Can arbuscular mycorrhizal fungi be used to control the undesirable grass Poa annua on golf courses?

Can arbuscular mycorrhizal fungi be used to control the undesirable grass Poa annua on golf courses? Summary 1. Poa annua (annual meadow‐grass or annual bluegrass) is the most problematic weed of temperate zone golf putting greens. In the UK there are no chemicals approved for its control, although several herbicides and plant growth regulators are available in the USA. Reducing P. annua levels in fine turf would greatly reduce the heavy reliance on pesticides and water that currently exists. 2. This paper reports on an observational and a manipulative study in golf putting greens, aimed at determining whether arbuscular mycorrhizal (AM) fungi have any potential for the reduction of this weed in fine turf. 3. All 18 greens on three golf courses were sampled, and in two courses a negative relation between AM fungi and P. annua abundance was found, upholding previous results. In greens where AM fungi were relatively common (as measured by root colonization), P. annua was rare, and vice versa. Furthermore, when the fungi were common, abundance of the desirable turfgrass Agrostis stolonifera was greater. 4. Two explanations are suggested for these relations, a competitive one, in which AM fungi alter the balance of competition between the two grasses, and an antagonistic one, in which the fungi may directly reduce the growth of P. annua. 5. In a manipulative experiment, where mycorrhizal inoculum was added to a golf green, the colonization level of A. stolonifera roots was enhanced, as was the abundance of this grass. Furthermore, there was a suggestion that adding inoculum could decrease the abundance of P. annua. 6. AM fungi have the potential to be a much more environmentally sound method of P. annua control in sports turf than the currently used chemicals. http://www.deepdyve.com/assets/images/DeepDyve-Logo-lg.png Journal of Applied Ecology Wiley

Can arbuscular mycorrhizal fungi be used to control the undesirable grass Poa annua on golf courses?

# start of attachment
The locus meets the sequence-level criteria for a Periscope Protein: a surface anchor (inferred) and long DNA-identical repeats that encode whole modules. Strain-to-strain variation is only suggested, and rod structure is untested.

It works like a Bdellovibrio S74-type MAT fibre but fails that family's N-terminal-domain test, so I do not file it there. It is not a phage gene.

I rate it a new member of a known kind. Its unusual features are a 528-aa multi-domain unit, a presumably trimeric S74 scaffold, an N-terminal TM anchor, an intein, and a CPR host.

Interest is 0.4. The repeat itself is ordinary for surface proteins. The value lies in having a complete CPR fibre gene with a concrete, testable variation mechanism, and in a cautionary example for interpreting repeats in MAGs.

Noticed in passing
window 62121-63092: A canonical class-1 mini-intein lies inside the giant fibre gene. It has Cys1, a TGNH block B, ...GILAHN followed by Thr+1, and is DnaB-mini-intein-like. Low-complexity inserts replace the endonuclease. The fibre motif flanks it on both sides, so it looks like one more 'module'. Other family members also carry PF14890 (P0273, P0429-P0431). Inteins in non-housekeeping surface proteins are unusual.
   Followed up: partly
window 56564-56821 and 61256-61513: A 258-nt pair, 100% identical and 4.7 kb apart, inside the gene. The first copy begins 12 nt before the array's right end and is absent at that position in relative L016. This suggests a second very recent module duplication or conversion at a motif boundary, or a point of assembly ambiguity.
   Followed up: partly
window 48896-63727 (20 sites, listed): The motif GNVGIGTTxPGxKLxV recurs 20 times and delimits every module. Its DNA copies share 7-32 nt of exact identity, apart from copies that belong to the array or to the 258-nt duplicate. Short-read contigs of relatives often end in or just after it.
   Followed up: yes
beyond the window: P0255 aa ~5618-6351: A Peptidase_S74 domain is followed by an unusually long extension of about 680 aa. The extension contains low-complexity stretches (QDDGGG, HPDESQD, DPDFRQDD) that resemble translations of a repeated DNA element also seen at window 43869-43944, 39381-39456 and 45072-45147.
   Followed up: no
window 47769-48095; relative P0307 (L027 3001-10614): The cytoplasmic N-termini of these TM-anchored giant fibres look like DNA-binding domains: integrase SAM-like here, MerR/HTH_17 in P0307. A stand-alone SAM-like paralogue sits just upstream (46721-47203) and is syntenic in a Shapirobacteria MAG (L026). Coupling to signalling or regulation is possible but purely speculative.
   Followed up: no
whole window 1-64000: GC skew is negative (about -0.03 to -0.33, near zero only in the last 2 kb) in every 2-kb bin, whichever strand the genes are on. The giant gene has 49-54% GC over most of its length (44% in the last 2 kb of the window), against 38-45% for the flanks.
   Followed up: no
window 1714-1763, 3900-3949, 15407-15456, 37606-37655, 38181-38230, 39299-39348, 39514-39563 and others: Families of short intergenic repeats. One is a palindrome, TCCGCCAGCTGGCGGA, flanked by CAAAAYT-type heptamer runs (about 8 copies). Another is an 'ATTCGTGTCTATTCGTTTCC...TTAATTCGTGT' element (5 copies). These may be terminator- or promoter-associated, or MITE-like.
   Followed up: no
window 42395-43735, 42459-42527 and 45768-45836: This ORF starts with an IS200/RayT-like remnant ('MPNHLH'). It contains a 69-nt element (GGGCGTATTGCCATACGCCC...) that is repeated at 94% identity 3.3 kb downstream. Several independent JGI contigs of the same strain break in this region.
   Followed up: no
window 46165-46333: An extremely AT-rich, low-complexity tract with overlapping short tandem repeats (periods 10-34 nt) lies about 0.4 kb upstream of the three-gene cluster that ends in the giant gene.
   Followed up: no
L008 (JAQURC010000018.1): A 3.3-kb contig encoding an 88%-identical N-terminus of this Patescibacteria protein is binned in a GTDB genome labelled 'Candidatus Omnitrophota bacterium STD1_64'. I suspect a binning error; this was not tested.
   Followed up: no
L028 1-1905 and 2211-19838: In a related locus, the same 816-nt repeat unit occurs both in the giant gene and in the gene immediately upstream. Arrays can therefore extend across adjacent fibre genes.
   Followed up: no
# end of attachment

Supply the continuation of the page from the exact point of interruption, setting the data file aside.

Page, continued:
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Publisher
Wiley
Copyright
Copyright © 1999 Wiley Subscription Services, Inc., A Wiley Company
ISSN
0021-8901
eISSN
1365-2664
D.O.I.
10.1046/j.1365-2664.1999.00456.x
Publisher site
See Article on Publisher Site

Abstract

Summary 1. Poa annua (annual meadow‐grass or annual bluegrass) is the most problematic weed of temperate zone golf putting greens. In the UK there are no chemicals approved for its control, although several herbicides and plant growth regulators are available in the USA. Reducing P. annua levels in fine turf would greatly reduce the heavy reliance on pesticides and water that currently exists. 2. This paper reports on an observational and a manipulative study in golf putting greens, aimed at determining whether arbuscular mycorrhizal (AM) fungi have any potential for the reduction of this weed in fine turf. 3. All 18 greens on three golf courses were sampled, and in two courses a negative relation between AM fungi and P. annua abundance was found, upholding previous results. In greens where AM fungi were relatively common (as measured by root colonization), P. annua was rare, and vice versa. Furthermore, when the fungi were common, abundance of the desirable turfgrass Agrostis stolonifera was greater. 4. Two explanations are suggested for these relations, a competitive one, in which AM fungi alter the balance of competition between the two grasses, and an antagonistic one, in which the fungi may directly reduce the growth of P. annua. 5. In a manipulative experiment, where mycorrhizal inoculum was added to a golf green, the colonization level of A. stolonifera roots was enhanced, as was the abundance of this grass. Furthermore, there was a suggestion that adding inoculum could decrease the abundance of P. annua. 6. AM fungi have the potential to be a much more environmentally sound method of P. annua control in sports turf than the currently used chemicals.

Journal

Journal of Applied EcologyWiley

Published: Dec 1, 1999

References

  • Influence of soil quality on the function of inhibitory rhizobacteria.
    Horwath, Horwath; Elliott, Elliott; Lynch, Lynch

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